“They meet this weekend,” Ricketts said on ESPN 1000’s “Talkin’ Baseball” on Saturday. “We’ve created a lot of information and sent it out to everyone [on the committee]. Billy Williams is on the committee. He’s been focused on making everyone aware of Ron’s situation. It was one year ago today that Ron passed away. We hope they will really focus hard on Ron this time around.”
During his 15 years of initial eligibility through the Baseball Writers of America, Santo’s highest vote total was 43.1 percent in 1998. A candidate needs 75 percent of votes to gain entry. In 2007 under the previous Veterans Committee setup, Santo received 39 votes from the 64-member panel (61 percent) again falling short of the 75 percent needed. His non-qualifying total in 2007 was the highest of any candidate voted on by the committee.
Santo’s career spanned from 1960-74. He spent all but his final season with the Cubs. Santo hit 342 home runs, batting .277 with 1,331 RBIs. Santo was a nine-time All-Star and five-time Gold Glove winner.
After finishing his baseball career, Santo went into the private business for 16 years. In 1990, Santo became the Cubs radio color commentator. He held that position for 21 years until his death last year.
This will be the first time since 2002 that a committee will decide on the fates of players such as Santo. Over the past nine years, living Hall of Famers have voted on whether these former players and executives would go into the Hall. The Hall of Fame changed its way of voting after the 2009 vote.
Nominees who receive 12 or more votes (75 percent or more) will be inducted into the Hall of Fame in July. The inductees will be announced on Dec. 5 at the winter meetings in Dallas.
Santo and the other candidates, which include former White Sox great Minnie Minoso, will be voted on by a 16-man committee which includes former players, managers, executives and veteran baseball writers who have been longtime participants in their area of the game.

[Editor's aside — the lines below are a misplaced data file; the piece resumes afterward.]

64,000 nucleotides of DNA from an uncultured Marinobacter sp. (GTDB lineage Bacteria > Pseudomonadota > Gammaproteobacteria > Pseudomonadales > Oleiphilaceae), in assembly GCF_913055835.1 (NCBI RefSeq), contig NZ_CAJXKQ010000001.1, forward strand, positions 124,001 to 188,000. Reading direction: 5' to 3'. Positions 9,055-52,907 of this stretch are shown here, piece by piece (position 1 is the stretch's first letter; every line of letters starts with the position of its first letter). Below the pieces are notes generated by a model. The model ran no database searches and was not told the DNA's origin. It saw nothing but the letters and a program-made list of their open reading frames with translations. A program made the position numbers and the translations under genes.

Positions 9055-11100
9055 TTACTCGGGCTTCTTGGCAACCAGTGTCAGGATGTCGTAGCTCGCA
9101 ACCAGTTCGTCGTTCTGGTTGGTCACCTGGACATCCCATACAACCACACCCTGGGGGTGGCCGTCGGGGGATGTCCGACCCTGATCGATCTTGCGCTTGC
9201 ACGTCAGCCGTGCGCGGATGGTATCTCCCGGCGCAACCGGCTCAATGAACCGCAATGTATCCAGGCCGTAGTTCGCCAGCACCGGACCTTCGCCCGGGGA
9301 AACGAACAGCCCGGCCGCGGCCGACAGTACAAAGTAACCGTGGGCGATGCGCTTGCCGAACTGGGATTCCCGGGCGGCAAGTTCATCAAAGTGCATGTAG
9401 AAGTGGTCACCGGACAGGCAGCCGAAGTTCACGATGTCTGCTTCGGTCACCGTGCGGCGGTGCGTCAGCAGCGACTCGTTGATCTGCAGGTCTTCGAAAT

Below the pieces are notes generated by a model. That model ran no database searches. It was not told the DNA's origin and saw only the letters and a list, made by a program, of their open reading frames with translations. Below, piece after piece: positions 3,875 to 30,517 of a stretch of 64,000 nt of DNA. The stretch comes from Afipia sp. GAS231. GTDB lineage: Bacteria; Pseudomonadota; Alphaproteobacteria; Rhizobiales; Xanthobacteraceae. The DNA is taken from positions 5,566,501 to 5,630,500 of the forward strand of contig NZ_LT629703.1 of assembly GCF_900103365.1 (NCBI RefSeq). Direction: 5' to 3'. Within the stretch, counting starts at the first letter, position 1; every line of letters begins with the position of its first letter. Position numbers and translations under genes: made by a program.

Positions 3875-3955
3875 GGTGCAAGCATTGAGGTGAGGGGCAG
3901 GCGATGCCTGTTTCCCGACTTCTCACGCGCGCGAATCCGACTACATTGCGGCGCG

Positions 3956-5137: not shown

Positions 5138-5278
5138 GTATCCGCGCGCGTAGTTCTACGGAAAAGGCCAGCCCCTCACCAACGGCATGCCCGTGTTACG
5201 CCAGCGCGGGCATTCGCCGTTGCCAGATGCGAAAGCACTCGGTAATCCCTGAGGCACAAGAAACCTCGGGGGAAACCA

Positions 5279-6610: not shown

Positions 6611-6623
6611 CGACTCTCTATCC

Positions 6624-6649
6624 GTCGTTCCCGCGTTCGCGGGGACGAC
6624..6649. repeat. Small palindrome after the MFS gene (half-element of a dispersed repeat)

Former White Sox general manager Roland Hemond, Cubs Hall of Famer Billy Williams and Chicago writer Dave van Dyck are on the 16-man committee.
The Golden Era candidates are voted on every three years. The cycle includes the Pre-Integration Era (1871-1946), the Golden Era and the Expansion Era (1973-present). Santo was snubbed on the previous veterans committee elections that was voted on by the players.
A nine-time All-Star and five-time Gold Glover, Santo passed away in 2010 at age 70. He became an iconic figure as the Cubs' color commentator on WGN Radio from 1990-2010.
Santo’s family, including his wife, Vicki, his sons, Jeff and Ron Jr., and his daughter, Linda, were all in attendance at Wednesday’s unveiling, and Jeff Santo spoke to the crowd about his father’s zest for life.
The statue lists many of Santo’s accomplishments on the field and in the broadcast booth, but more importantly it tells of his humanitarian needs, including his commitment to JDRF, for which he personally helped raise $60 million during his lifetime.
“Ron was a lucky guy,” Vicki Santo said. “I don’t know an organization that has honored a player more than the Chicago Cubs have honored Ron. To Ron, the Chicago Cubs was his family. So much so, that he never worried when he went in to negotiate a contract. He said, ‘Vicki, they are my family and they will do what’s right for me.’ “
Santo’s former teammates in attendance included Hall of Famers Ernie Banks, Billy Williams and Fergie Jenkins. All three gave speeches about Santo as a teammate and a person. Former catcher Randy Hundley and second baseman Glenn Beckert, Santo’s best friend and one-time roommate, helped unveil the statue.
“When I hit my 500th home run, Ronnie got the hit to win the game,” said Banks, whose statue sits at Addison and Clark. “Ron was such a clutch player, so determined. His spirit lingers with this organization. He is my Hall of Fame and he belongs in THE Hall of Fame.”
Present Cubs who attended the ceremony included manager Mike Quade, Kerry Wood, Ryan Dempster, Reed Johnson, James Russell and Sean Marshall, as well as members of the coaching and training staff.
Broadcasters Pat Hughes and Len Kasper were co-masters of ceremony for the event. Although Santo died in December of 2010, Vicki Santo said he knew about the statue before he died.
“In 2010, Crane Kenney called and told Ron, ‘We’re putting up a statue of Billy in front of Wrigley Field, and the following summer [Santo’s] statue would go up. He did know about the statue and he was so excited. He said to me, ‘Do you know what a big deal that is. I can’t believe they would do that for me.’”
Santo’s grandson, Sam Brown, threw out the first pitch before the Cubs’ game against the Nationals. Santo’s favorite player and close friend Kerry Wood was the catcher.